Month: November 2015

Snickerdoodles Go International

This weekend was the intensive orchestra rehearsal weekend for the Royal Holloway Symphony Orchestra. To break up all the music making we had a few social gatherings and activities. On the first night, we all went out to a pub after the rehearsal for a relaxing evening. On the second day, during the longer break there was a Bake Off, due to the popularity of “The Great British Bake Off.” We didn’t have the facilities for a live bake off so we all made our cakes and cookies at home and brought them to the rehearsal to be judged by everyone. I have already revealed what I made in the title: Yes, Granny’s (and now my) snickerdoodle recipe has gone international. None of the English students knew what they were but fortunately, the director is American and so is one of the oboe players, so they joined me in chanting the word “Snickerdoodle!” Besides the name, they aren’t very odd cookies and soon everyone was trying them. The most common reaction was a face that somewhat resembles this 😮 followed by this 😀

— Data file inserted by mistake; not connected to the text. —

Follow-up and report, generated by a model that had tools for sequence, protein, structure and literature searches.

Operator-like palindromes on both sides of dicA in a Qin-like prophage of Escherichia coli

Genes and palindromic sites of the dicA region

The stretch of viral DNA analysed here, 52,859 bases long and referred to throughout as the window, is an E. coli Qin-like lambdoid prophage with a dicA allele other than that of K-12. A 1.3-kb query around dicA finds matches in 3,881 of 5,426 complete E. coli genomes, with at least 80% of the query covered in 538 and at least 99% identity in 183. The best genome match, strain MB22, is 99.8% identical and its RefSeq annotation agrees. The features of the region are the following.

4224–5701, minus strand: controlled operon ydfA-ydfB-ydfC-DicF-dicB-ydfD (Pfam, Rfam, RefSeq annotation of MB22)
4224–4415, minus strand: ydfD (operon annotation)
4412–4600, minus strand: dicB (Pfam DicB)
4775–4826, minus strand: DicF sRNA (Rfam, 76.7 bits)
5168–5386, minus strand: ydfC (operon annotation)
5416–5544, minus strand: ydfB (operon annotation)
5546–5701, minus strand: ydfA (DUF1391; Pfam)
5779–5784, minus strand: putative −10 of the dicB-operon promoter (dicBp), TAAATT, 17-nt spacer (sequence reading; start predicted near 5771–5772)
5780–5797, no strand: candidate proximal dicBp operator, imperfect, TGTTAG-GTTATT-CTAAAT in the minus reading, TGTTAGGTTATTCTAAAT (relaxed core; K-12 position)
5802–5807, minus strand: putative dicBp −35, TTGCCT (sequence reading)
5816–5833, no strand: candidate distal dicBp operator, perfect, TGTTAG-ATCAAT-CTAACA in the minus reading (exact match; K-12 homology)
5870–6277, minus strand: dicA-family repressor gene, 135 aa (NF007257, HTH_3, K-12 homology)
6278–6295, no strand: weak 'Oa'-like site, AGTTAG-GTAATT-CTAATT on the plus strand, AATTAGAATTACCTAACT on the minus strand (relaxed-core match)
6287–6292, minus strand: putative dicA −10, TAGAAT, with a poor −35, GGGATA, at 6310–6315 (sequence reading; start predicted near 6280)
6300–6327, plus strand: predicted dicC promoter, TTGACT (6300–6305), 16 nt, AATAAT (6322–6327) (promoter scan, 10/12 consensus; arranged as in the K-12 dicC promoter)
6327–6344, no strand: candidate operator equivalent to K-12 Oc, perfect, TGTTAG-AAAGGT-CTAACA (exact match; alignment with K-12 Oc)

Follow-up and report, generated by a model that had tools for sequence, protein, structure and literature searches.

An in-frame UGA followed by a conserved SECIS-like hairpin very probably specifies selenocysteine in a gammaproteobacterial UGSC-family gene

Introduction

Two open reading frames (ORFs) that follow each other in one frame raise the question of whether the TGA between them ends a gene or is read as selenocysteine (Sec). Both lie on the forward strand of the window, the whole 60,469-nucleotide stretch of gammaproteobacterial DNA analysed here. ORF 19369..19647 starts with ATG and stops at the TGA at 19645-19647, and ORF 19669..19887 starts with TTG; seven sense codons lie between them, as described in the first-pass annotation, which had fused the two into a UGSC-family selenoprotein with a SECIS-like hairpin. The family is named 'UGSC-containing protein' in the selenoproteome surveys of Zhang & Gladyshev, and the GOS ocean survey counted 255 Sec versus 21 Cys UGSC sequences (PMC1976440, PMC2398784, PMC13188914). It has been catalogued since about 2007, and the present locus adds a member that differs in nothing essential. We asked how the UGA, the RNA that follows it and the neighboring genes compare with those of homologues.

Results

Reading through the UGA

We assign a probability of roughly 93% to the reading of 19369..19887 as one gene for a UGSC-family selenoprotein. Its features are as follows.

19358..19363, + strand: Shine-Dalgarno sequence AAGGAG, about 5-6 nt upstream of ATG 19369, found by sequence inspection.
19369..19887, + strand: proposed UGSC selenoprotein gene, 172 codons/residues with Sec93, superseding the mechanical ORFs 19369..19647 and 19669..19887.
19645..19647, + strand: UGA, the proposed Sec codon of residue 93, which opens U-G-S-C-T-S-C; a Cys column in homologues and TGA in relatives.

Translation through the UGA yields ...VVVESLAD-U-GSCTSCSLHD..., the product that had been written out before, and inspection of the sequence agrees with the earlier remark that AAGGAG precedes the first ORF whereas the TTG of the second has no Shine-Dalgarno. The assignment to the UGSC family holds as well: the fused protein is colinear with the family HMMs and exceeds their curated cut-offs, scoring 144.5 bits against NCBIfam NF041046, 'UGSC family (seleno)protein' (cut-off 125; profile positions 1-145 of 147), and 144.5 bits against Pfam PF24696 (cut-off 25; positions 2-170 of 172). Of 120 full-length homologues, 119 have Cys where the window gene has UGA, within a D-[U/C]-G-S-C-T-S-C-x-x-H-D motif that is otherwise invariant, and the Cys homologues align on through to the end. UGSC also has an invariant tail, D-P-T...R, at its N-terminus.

This was the spread, and Meike cutting her carrot cake.

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Our director posted the results on Facebook. I won 3rd place! But that’s not what mattered, what mattered was that we all got to eat snickerdoodles.

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After we were all somewhat disgustingly full of cake, we got back to rehearsals and ended the night with an 80s themed party at the campus pub.

Flute repairs, bouldering, and the LPO